Where to begin?
The trials and tribulations of the Canadiens’ goaltending corps has been fodder for opinion and speculation since the preseason as Carey Price, Charlie Lindgren, Al Montoya, and Antti Niemi have all taken their turns manning the Habs’ crease.
As always, Carey Price has been the biggest story. It’s been discussed, often and at length, that Price hasn’t seemed, well, himself this season, either before his break due to an unspecified lower-body injury, or after his return. Although Price has always seemed smooth to the point of casual, and he also has a tendency (which we’ve explored previously) to revert to a more passive blocking form when he’s uncertain of the play developing in front of him, this season has seemed different.
Take, for example, this opening night goal by Buffalo’s Jason Pominville on October 5. Price appears to expect a one-timer, but doesn’t get much in the way of a lateral push once Pominville pulls the puck to his backhand.
Or this overtime game winner by Sean Monahan in Calgary on December 7.
Monahan (23) receives a trail pass just to left of center from Johnny Gaudreau (13), and beats Price blocker side with a wrister. Price reads the play and adjusts with two short shuffles, then drops into partial butterfly and reaches out with his blocker hand. There’s not much power on display, nor is Price pushing out from his starting depth to challenge Monahan as we’ve come to expect, particularly in an overtime situation.
It’s not so much the specifics of the goals that he’s given up (it’s coincidence that both of these examples were blocker side, as is the one that we’ll review shortly), as much as the appearance that Price either hasn’t had his usual explosive lower-body power or speed, or he doesn’t trust his lower-body movements like he has in the past.
Rather than speculate about his injury, changes to his skates, or overly dissect what has been an underwhelming first half of the season, it might be more satisfying to find some glimmer of hope, outside of results. That may have occurred late in the second period of the Habs’ otherwise disappointing outdoor performance against the Senators in Ottawa’s Lansdowne Park on December 16.
This save was a regular on the highlight reels, and we’ve seen Price make this kind of save before. Maybe that’s why it seems important. In fact, it’s the routineness of this play that should encourage Habs fans and Price watchers.
The play isn’t complicated. At 17:12 of the second period, with the Senators leading 1-0, the Senators’ Bobby Ryan (9) and Matt Duchene (95) execute a 2-on-1 from the neutral zone, defended by the Habs’ Jakub Jerabek (28), while Alex Galchenyuk (27) trails the play. Ryan maintains his width on the rush, making a relatively early pass from the top of the offensive right circle, while Duchene drives the center lane and receives the puck in the high slot.
Duchene catches Ryan’s pass close to his skates, controls and extends the puck out wide to his forehand as he moves forward, then releases a shot to the short side from the low hash mark. It’s a nifty piece of stick work, one that creates a wider angle of attack than his original position would dictate, and forces Price to cross a more significant amount of ice to defend the chance.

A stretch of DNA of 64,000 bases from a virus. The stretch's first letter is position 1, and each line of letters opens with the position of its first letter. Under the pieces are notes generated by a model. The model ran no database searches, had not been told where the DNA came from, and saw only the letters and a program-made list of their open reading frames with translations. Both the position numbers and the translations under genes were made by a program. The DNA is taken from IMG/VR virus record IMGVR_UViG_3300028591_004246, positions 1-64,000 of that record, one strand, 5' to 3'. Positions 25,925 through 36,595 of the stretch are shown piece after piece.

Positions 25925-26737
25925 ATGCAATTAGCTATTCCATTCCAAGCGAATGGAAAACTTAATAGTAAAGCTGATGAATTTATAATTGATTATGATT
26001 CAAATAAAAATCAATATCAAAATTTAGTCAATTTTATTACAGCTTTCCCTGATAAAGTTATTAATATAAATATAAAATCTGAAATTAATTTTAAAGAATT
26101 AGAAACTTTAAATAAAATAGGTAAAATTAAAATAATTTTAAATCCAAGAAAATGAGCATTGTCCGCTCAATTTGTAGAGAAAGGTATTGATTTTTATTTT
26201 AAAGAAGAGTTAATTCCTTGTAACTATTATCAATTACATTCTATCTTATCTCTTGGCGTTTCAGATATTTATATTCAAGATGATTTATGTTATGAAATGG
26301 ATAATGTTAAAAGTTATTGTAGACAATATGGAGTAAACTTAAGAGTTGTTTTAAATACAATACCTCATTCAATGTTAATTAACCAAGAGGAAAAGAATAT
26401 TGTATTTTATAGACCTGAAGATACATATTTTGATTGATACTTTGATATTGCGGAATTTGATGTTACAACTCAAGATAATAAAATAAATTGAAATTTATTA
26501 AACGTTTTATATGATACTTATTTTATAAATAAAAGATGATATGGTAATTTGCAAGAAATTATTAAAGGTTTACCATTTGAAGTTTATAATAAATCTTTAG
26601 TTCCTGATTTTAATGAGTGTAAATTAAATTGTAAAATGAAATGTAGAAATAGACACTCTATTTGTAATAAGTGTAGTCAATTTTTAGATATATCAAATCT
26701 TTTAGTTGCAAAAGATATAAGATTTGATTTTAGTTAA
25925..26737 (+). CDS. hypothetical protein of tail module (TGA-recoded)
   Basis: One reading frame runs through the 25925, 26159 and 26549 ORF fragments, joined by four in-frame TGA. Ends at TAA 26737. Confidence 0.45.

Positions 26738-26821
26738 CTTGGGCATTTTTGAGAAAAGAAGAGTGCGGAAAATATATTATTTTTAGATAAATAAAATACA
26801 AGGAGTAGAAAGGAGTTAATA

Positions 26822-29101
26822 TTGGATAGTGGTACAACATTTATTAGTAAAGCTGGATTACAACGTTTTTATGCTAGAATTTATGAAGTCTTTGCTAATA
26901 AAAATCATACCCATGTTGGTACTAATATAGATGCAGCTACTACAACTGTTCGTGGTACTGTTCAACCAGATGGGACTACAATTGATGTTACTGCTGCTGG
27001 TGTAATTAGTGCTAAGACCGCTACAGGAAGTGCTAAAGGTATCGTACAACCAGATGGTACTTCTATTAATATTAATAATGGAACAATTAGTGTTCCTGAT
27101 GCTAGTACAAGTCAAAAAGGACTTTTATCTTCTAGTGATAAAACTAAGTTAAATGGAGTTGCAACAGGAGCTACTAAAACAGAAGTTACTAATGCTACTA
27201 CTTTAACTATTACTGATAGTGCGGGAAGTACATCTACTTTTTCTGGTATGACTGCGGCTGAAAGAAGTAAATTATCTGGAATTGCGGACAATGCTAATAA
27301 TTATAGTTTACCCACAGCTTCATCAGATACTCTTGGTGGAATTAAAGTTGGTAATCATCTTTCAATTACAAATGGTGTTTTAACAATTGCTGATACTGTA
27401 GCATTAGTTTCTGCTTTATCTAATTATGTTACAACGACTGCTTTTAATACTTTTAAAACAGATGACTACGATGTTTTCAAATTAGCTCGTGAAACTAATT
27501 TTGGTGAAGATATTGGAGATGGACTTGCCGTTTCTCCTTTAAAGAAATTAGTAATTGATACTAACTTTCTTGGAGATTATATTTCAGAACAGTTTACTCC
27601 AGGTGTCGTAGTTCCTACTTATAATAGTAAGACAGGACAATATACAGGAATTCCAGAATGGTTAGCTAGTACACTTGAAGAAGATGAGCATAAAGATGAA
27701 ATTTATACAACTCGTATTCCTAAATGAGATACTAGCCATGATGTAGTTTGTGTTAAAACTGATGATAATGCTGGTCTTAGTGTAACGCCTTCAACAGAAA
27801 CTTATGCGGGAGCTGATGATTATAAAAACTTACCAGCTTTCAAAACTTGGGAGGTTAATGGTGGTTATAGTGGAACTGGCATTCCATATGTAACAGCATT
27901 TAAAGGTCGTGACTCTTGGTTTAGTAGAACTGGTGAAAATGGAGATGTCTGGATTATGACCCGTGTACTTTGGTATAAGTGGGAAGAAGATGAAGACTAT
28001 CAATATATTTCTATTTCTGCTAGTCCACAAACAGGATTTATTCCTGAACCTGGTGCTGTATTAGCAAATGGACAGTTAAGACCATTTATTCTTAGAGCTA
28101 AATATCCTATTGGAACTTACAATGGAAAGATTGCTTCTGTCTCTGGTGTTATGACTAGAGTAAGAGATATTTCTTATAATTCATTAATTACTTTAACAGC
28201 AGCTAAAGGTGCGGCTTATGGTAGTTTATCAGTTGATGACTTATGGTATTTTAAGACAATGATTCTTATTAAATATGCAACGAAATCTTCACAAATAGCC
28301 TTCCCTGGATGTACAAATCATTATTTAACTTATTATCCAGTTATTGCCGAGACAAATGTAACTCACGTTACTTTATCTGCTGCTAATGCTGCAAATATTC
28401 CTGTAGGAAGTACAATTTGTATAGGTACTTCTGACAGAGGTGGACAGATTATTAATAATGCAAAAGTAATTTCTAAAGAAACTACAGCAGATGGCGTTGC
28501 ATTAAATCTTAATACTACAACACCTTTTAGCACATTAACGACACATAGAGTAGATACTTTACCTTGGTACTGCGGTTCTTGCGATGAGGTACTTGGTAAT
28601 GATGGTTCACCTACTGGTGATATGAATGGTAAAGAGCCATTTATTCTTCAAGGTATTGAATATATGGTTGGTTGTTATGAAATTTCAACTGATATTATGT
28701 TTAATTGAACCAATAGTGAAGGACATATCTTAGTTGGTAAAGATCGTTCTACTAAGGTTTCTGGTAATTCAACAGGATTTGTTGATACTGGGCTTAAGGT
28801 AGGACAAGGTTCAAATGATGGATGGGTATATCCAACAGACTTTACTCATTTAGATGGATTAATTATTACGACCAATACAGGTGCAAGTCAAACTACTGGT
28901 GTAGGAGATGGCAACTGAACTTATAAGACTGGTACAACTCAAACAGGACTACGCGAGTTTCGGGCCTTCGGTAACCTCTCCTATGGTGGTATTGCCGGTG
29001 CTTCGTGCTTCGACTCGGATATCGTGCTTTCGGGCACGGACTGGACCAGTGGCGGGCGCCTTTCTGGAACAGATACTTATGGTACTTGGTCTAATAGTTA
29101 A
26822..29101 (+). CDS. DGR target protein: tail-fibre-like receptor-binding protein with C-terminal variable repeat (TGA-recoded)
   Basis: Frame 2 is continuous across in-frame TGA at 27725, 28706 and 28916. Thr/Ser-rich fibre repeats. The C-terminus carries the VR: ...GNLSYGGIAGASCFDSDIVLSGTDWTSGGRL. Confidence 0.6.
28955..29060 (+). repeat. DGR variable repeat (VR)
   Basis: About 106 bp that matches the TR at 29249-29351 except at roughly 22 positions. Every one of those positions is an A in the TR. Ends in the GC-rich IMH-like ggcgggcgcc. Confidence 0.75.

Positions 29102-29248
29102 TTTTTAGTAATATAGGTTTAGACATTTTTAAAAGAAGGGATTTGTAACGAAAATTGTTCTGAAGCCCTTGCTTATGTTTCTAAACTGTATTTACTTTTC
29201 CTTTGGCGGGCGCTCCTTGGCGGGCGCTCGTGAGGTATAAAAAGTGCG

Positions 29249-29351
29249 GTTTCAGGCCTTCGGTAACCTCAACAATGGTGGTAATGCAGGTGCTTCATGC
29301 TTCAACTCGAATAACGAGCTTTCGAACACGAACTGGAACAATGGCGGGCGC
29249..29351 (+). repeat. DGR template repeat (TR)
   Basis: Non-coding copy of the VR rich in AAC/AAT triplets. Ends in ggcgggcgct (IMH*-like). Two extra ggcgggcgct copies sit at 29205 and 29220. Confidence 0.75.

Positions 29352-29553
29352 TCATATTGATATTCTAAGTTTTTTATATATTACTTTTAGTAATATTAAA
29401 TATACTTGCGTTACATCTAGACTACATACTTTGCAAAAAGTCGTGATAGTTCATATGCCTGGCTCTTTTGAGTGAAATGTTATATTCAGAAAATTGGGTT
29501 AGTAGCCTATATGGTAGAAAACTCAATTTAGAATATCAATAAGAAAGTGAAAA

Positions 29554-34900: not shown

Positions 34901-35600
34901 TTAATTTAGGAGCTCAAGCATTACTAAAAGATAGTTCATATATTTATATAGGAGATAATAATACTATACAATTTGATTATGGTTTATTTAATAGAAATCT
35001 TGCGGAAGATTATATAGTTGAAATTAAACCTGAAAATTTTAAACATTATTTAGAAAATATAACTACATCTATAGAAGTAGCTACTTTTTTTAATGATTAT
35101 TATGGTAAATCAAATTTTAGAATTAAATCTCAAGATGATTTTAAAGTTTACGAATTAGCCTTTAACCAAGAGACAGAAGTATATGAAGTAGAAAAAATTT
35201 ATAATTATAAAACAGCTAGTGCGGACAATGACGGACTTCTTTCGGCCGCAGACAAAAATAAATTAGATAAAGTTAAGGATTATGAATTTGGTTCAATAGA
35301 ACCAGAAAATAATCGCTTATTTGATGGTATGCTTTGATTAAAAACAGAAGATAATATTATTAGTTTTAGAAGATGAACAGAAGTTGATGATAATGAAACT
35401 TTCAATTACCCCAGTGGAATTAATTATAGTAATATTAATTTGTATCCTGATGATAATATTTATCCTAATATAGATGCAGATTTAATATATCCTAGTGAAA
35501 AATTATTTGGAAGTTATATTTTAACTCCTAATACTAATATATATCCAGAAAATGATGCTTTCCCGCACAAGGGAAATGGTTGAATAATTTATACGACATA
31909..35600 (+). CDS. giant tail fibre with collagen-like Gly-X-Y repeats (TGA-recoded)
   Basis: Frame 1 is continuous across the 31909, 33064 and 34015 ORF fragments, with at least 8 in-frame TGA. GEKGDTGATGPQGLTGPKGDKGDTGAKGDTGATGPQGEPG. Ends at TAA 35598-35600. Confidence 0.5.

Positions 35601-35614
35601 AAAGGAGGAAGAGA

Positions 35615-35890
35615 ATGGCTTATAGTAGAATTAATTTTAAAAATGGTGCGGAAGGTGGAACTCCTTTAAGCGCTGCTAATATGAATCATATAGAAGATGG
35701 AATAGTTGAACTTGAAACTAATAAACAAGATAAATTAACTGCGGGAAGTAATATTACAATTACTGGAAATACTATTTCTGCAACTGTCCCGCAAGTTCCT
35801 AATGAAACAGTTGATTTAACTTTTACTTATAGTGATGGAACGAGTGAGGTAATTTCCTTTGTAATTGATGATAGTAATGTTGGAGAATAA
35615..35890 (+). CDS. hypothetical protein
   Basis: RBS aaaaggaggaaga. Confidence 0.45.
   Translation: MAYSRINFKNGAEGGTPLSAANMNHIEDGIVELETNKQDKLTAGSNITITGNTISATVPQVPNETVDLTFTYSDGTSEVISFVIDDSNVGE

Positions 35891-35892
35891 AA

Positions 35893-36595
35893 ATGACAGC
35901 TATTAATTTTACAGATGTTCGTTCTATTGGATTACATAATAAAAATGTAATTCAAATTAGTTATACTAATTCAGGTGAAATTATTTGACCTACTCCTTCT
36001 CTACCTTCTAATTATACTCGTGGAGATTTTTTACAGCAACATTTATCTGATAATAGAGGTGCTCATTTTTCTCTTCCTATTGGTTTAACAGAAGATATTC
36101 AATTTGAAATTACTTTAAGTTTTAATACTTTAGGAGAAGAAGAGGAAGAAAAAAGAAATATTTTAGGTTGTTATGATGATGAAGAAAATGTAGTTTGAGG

Price is able to extend his blocker hand fully, and the puck caroms off of the handle of his goal stick.
Young goalies should note that he holds on to his stick. We’ve seen some recent examples of goalies, Sergei Bobrovsky in particular, dropping their sticks on plays like this, presumably to gain more mobility in their blocker hand. This example shows why that’s a bad idea. Price makes this save with the handle of his stick. If Duchene’s shot had been below his hand, he would have had a chance to stop it with his paddle as well. Discarding a goal stick, despite how cool it looks, simply reduces the odds that a puck hits something on the way to the net.
On closer examination of this save, there is reason for optimism. Price initially stays on his skates, shoulders square to Ryan.
He appears to expect to have to push across to Duchene. So much so, in fact, that he begins to coil his upper-body away from Duchene while he retreats and loads his left inside edge, even as he is watching Ryan’s pass cross the ice.
As we’ve detailed before, Price will often remain on his skates and delay his final push until he makes a visual read on what to expect from the scoring threat. He utilizes a counterrotation technique to coil his upper-body, then powerfully release into either high hand or low pad coverage. This isn’t the most efficient technique because of the extra movement it requires (it’s also about the only thing he does that young goalies really should avoid learning), but Price is so patient on his edges and expert at uncoiling his upper-body that he is able to use the technique as a formidable defensive tool.
This counterload of his upper-body demands strength and, importantly, confidence in his core and groin musculature. Conditioning in those muscles isn’t just about flexibility. Price hasn’t shown any limitation in flexibility during his play, but this is one of the few times that he’s shown this degree of explosive power
This confidence in his core conditioning is evident in his fully extended position, as he allows himself to lean forward with his body but reach back on angle with his blocker.
Anyway… In summary, this finally looks like the REAL Carey Price.
Hopefully he’ll be able to stick around for a while. Habs fans need him, not to mention those guys wearing the same sweaters.